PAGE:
5 Tips On How To Spot Hollywood Phonies

As movie producers, we all need money to make our movies, but finding real investors can be tricky. The movie industry attracts many people who talk about a big game but fail to deliver.

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A big mistake many new movie producers make is meeting with anyone who expresses interest in funding their movie. They get so excited about the possibilities that they don’t ask the tough questions. And while this type of “conversation contact buzz” is a good feeling, it is a waste of time.

You must do your homework and find out if the person you’re talking to is “real.” In other words, REAL means that they can fund your film. Real investors are not people who know other people. Real investors are the people who can support your movie.

Film Finance: 5 Tips to Find Out if Your “HNI” is Real

So if you are looking for film finance, I present five tips for you to know in your quest to find who’s real and who’s not!

1. Google your prospective investor. It sounds simple, and it is. Do your research on the person. It’s easy to find out information if you take the time and search for it.

2. Take into account what they are wearing and what they are driving. Sometimes relying solely on images is a mistake. In the world of film finance, sometimes the person with the three-piece suit is phony, and the person in shorts and a t-shirt is the eccentric millionaire. But where do they live? What do they drive?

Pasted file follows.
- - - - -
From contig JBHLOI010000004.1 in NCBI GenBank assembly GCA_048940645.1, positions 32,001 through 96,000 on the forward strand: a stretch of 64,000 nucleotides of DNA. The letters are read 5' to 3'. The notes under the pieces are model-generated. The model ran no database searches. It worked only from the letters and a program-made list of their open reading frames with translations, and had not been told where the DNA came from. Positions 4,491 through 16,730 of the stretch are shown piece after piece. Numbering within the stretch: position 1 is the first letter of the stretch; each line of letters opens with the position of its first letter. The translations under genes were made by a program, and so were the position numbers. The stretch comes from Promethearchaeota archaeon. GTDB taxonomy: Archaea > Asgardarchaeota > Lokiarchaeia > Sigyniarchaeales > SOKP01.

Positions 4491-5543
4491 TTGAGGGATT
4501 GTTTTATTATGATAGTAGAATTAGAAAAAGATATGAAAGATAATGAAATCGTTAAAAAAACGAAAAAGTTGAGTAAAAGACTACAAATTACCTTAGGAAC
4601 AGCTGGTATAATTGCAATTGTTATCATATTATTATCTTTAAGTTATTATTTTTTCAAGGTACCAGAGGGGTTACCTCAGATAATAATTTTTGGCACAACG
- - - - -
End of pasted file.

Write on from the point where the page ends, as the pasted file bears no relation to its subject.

Discover The FIVE Essential Film Funding Tactics 

...Without Begging For Money!

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Many HNIs enjoy the comforts their money brings. This method is not foolproof, but it does work 90% of the time. One time I met with a prospective investor, and he was missing some teeth. His teeth were real, but he wasn’t.

3. Do they pick up the check? I say it over and over again. If you are eating dinner or lunch with a potential investor and they don’t pick up the tab, I can 99% guarantee that you will never get a penny out of them. You aren’t getting their money if they care so little about you that they cannot invest $50 for a meal.

4. If they start talking about “money coming in,” they aren’t real. I had this happen many times. Someone talks about some bank deals or commissions that will be upcoming. Walk away. Please don’t get your hopes up… it never closes.

5. Is it too easy? This is an interesting one. If your film finance efforts seem too easy, a red flag should pop up. Closing money is not easy. And if the person doesn’t look at your business plan or do their homework, chances are they don’t have the money to fund your project and are just pretending.

Always Be Researching

Here’s the key to film finance… You must ALWAYS be in research mode! I go to every meeting, having already Googled the prospective investor. And I usually know a lot of info already. I start almost every film finance meeting by asking prospective investors about themselves.

Read the room. Don’t be too anxious. Analyze all the information you’re given, and your closing ratio will increase dramatically! If you’d like more film finance information, grab a copy of this Film Business Plan.

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Tom Malloy is a film producer, actor, and writer. Over the course of his career, he has raised over twenty-five million dollars to produce, and distribute multiple feature films. If you're ready to "level up" your film producing, make sure to check out Movie Plan Pro. The video training and downloadable film business plan template will provide you with the same tools Malloy uses when approaching prospective film investors.